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Disease-free life expectancy has not improved in Spain

Disease-free life expectancy has not improved in Spain Cover

Pilar Zueras, Institute for Social and Economic Research, University of Essex, and Centre d’Estudis Demogràfics and

Elisenda Rentería, Centre d’Estudis Demogràfics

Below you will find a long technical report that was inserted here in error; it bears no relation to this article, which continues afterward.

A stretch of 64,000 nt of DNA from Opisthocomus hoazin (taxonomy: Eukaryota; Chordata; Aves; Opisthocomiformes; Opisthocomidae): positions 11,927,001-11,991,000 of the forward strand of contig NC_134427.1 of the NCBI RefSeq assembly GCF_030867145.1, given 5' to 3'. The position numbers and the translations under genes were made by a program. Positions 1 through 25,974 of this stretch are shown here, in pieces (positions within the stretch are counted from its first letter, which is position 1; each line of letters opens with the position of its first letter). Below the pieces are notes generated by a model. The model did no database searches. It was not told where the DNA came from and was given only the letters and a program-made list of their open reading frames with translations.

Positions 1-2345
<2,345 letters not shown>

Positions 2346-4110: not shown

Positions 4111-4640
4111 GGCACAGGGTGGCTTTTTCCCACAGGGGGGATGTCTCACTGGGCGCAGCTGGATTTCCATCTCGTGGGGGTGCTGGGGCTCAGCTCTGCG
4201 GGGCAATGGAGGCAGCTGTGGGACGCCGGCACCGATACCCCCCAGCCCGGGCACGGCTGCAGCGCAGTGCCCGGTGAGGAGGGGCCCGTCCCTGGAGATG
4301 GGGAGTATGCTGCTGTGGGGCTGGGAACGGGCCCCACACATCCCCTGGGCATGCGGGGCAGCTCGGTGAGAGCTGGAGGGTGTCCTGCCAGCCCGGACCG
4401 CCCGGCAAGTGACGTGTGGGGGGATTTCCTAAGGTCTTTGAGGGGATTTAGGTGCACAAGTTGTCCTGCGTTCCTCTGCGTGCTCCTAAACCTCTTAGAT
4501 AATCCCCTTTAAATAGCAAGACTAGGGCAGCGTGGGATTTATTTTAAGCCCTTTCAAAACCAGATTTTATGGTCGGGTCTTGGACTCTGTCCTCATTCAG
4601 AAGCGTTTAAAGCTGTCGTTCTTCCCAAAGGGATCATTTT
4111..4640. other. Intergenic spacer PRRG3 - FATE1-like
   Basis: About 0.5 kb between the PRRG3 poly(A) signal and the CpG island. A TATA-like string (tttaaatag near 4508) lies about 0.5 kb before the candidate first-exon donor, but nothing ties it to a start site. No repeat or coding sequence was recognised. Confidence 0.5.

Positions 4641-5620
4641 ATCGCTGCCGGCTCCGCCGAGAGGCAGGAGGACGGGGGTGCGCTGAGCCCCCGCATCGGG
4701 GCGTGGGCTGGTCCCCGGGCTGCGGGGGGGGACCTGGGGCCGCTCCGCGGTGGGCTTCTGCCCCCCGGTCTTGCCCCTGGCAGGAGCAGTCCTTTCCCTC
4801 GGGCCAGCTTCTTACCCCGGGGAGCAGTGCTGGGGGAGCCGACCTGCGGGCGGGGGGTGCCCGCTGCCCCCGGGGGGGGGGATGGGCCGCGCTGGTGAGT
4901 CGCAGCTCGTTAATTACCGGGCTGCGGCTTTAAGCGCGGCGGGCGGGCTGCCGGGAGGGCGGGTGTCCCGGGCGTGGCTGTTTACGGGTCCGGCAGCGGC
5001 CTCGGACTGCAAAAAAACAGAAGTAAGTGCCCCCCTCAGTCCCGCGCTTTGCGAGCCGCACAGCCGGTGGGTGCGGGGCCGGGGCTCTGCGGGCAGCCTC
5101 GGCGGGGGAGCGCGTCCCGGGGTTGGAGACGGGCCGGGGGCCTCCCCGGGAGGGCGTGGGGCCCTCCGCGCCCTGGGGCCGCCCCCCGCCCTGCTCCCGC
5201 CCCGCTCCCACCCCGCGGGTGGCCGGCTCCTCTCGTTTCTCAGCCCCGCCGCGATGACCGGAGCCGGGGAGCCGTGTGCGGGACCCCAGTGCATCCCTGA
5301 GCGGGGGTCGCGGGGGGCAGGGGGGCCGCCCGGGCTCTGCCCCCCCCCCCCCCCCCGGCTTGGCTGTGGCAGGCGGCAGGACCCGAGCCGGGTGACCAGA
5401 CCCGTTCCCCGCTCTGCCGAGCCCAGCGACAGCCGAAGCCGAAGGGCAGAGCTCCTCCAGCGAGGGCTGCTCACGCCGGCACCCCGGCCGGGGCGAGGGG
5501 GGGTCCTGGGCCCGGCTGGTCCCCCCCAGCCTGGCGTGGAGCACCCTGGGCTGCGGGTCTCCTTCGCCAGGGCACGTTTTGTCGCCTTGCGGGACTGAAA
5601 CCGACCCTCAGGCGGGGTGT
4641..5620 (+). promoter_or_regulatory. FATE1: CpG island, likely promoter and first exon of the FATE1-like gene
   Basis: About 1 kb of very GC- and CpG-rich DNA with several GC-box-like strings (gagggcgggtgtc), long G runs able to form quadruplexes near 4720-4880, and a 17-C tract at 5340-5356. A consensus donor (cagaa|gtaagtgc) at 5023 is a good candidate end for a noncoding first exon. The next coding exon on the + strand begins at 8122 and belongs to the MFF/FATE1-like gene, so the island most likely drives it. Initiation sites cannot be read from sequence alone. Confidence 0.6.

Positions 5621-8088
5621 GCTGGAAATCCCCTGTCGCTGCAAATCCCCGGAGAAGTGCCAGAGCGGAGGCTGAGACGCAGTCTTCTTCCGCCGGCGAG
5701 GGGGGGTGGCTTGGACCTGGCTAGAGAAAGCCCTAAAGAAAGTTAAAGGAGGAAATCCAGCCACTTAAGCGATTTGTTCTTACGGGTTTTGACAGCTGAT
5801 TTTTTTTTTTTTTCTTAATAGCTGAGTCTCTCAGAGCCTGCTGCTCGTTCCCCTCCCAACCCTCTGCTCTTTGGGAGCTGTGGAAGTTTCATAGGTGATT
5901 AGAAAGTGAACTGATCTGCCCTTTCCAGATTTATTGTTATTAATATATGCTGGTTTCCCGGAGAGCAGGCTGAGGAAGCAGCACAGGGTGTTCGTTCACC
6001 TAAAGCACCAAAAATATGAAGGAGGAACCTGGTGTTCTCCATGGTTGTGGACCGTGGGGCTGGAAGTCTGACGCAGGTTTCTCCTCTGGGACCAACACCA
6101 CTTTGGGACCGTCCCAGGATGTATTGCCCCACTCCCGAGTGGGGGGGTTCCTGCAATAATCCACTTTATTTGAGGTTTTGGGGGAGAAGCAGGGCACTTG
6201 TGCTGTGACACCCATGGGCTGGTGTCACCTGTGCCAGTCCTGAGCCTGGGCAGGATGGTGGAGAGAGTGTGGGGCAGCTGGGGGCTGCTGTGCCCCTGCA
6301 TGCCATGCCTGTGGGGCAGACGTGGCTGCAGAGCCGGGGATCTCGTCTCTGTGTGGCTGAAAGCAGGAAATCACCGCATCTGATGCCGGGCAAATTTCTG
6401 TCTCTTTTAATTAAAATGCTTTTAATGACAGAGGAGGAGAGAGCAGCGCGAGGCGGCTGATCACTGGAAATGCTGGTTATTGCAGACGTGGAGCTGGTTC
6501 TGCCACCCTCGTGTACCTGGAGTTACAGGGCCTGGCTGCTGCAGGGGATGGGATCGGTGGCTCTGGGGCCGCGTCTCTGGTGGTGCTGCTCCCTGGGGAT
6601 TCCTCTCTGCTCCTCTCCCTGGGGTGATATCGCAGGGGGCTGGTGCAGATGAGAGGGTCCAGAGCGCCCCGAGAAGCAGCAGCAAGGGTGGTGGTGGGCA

The COVID-19 pandemic has put a stop to the continuous progression in life expectancy at birth, in which Spain was one of the world leaders. Although this downward effect is a result of the present conjuncture and it is hoped that recovery will be swift in the coming years, this situation has led us to consider the evolution prior to the pandemic. It is true that the increase in number of years of life has been progressive and steady but, in recent years, these gains have not implied improved health among the older population. Disability-free life expectancy at the age of 65 has been very stable over time, but the figures are less encouraging when the presence of diseases and chronic conditions are taken into account. In this issue of Perspectives Demogràfiques, we investigate whether there have been gains or losses in years of disease-free life for men and women at the age of 65 in Spain and by autonomous community (AC) in the years 2006, 2012, and 2017. The results indicate that increased life expectancy will also mean that people will live more time with diagnosed diseases unless the present trend is reversed. The most common ailments and conditions include hypertension, chronic back pain, diabetes, and heart disease. The differences between men and women tend to converge in years of life in good health, mainly as a result of a lengthening of time lived in poor health among men